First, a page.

Koret Foundation’s $10 million grant establishes Koret Center for Jewish Civilization at TAU
Center founded in partnership with ANU - Museum of the Jewish PeopleSupport Tel Aviv University
On May 15, The Koret Foundation announced a $10 million grant to establish the Koret Center for Jewish Civilization, a partnership between the foundation, Tel Aviv University (TAU), and ANU – Museum of the Jewish People (ANU). The center will employ a unique educational and cross-disciplinary approach to the challenges of contemporary Jewish thought, social engagement, and identity, as well as build dialogue and understanding between Jewish Israelis and those in the diaspora through an innovative approach to teaching about Judaism as an international community.
The Koret Center at TAU, Israel’s largest research university, will work to bridge divides and improve relationships between Jewish communities worldwide by centering on the common bonds that have united the Jewish people for millennia. Through an enhanced understanding of Jewish peoplehood from a global and historical perspective, this partnership seeks to strengthen the identity and education of Jews in Israel, the U.S., and globally.
Over the course of the five-year grant, the Koret Center will house and develop joint activities on contemporary Jewish thought, social engagement, and identity. It will reach academics, the general public, and Israeli school teachers through research, academic training and exchange, public events, and educational programming. TAU and ANU share a campus, a common vision, and now an integrated partnership.
“As a Jewish People, we’ve never before faced the types of 21st Century challenges we now face,” says Anita Friedman, President of the Koret Foundation. “But we are more hopeful than ever about the future. We know we are on the right path when we see a global Jewish philanthropy, Israel’s largest university, the world’s Museum of the Jewish People, and the Israel government all coming together in cooperation with many other Jewish organizations in common cause.”
“Along with deepening TAU’s dedication to fostering diversified and pluralistic Jewish Studies curricula, this new collaboration aligns with TAU’s mission to expand joint programs with leading academic and cultural institutions around the globe,” says TAU President Professor Ariel Porat. “Through the Koret Center for Jewish Civilization, we look forward to fueling valuable new perspectives for understanding the Jewish experience along with our campus partner, ANU, the largest and most comprehensive Jewish museum in the world. We are honored to have the Koret Foundation’s support for this initiative that will bring the latest academic knowledge on Jewish peoplehood to many groups in Israel and around the world.”
This collaboration is the first of its kind in which a global academic institution, TAU’s Chaim Rosenberg School of Jewish Studies and Archaeology, has partnered with a world-class museum and education center, ANU – Museum of the Jewish People and ANU’s Koret International School for Jewish Peoplehood (named with a $10 million Koret grant in 2016). This partnership will take a multifaceted, innovative, and coordinated approach to use the individual strengths of each institution and leverage the exponential power of the collective. This groundbreaking structure of collaboration embodies the deep commitment by TAU, ANU, and Koret to lay a foundation that strengthens Jewish connections for generations to come.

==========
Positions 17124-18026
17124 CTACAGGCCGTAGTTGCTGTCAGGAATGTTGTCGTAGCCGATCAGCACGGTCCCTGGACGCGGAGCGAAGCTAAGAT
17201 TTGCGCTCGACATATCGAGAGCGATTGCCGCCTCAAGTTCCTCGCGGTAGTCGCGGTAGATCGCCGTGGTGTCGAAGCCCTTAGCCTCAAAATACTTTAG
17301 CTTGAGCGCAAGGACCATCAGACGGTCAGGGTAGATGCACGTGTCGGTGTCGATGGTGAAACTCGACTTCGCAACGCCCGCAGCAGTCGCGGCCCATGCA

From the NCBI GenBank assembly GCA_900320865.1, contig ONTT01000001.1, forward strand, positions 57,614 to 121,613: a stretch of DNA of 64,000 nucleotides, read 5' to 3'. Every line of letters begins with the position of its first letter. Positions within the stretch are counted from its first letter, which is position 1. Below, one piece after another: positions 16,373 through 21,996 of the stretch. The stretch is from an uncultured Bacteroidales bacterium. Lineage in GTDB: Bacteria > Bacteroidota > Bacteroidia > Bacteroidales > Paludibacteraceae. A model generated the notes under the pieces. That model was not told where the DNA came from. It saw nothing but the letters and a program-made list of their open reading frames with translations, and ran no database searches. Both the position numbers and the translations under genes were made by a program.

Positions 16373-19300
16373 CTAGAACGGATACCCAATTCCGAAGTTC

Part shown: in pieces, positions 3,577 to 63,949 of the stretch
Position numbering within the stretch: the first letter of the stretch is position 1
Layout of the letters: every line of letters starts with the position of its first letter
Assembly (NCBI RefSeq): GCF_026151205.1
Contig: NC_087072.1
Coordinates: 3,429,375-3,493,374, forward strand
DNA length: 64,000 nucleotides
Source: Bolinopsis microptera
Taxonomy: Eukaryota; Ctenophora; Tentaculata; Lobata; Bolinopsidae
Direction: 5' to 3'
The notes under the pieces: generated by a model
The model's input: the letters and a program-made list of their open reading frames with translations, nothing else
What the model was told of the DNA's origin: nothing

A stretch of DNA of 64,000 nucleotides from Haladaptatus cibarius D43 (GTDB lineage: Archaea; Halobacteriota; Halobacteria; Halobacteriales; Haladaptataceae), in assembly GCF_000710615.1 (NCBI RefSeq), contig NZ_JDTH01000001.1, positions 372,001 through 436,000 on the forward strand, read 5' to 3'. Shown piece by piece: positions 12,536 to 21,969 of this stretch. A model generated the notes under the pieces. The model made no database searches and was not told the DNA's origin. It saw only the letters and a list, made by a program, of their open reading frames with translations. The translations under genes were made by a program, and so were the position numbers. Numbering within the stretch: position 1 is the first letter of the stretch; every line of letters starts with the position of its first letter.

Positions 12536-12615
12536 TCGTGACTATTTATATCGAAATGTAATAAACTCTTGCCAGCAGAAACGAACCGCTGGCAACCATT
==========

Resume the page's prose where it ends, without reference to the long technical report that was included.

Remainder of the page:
The Koret Center’s shared programs will produce five online courses on Jewish civilization, provide internships at ANU for 100 TAU students, and establish two Biennial International Conferences of the Koret Center for Jewish Civilization, held at the end of the second and fourth years, with up to 300 live participants, and broadcast worldwide. The Israeli government, acutely aware of the growing disconnect between Israel and global Jewry, will lend critical support to the project. Collaborating with Israeli schools, the Koret Center will provide teachers across Israel with innovative programs and resources to enhance their students’ understanding of Jewish peoplehood.
“While many top universities house research institutes for Jewish Studies, the Koret Center will draw on TAU’s interdisciplinary strengths to fill the void when it comes to the study and teaching of Jewish Civilization and its historical significance,” says Professor Youval Rotman, Chair of the Chaim Rosenberg School of Jewish Studies and Archaeology. “By creating a new paradigm for the perception of Judaism’s place in history, today and in the future, the Koret Center also aims to enhance Jewish connectivity worldwide. We are delighted to work with ANU to propagate these new ideas and activities to expand the understanding of Judaism as a diverse, innovative, inclusive and dynamic civilization.”
Leveraging its strong track record and unique take on Jewish Studies, TAU will develop a new international graduate program in Jewish studies, collaborating with two major academic centers abroad in Europe and the U.S., and also offer 325 BA, MA, and PhD scholarships for pedagogy, teacher and leadership training. TAU will establish a Koret International Society of Fellows for 25 postdoctoral students, who will participate in a yearlong research seminar.
ANU will expand its Jewish peoplehood education for Israeli public-school educators and young people, supporting instruction for 50,000 Israeli teachers and leadership training for 40,000 professionals and lay leaders. It will establish a J-Hub accelerator to support 60 to 80 Jewish peoplehood projects, capitalizing on ANU visitors to test apps and initiatives developed, and will create an honors program for 240 Israeli high school students. It will also serve as the educational and cultural training center for initiatives such as Birthright Israel.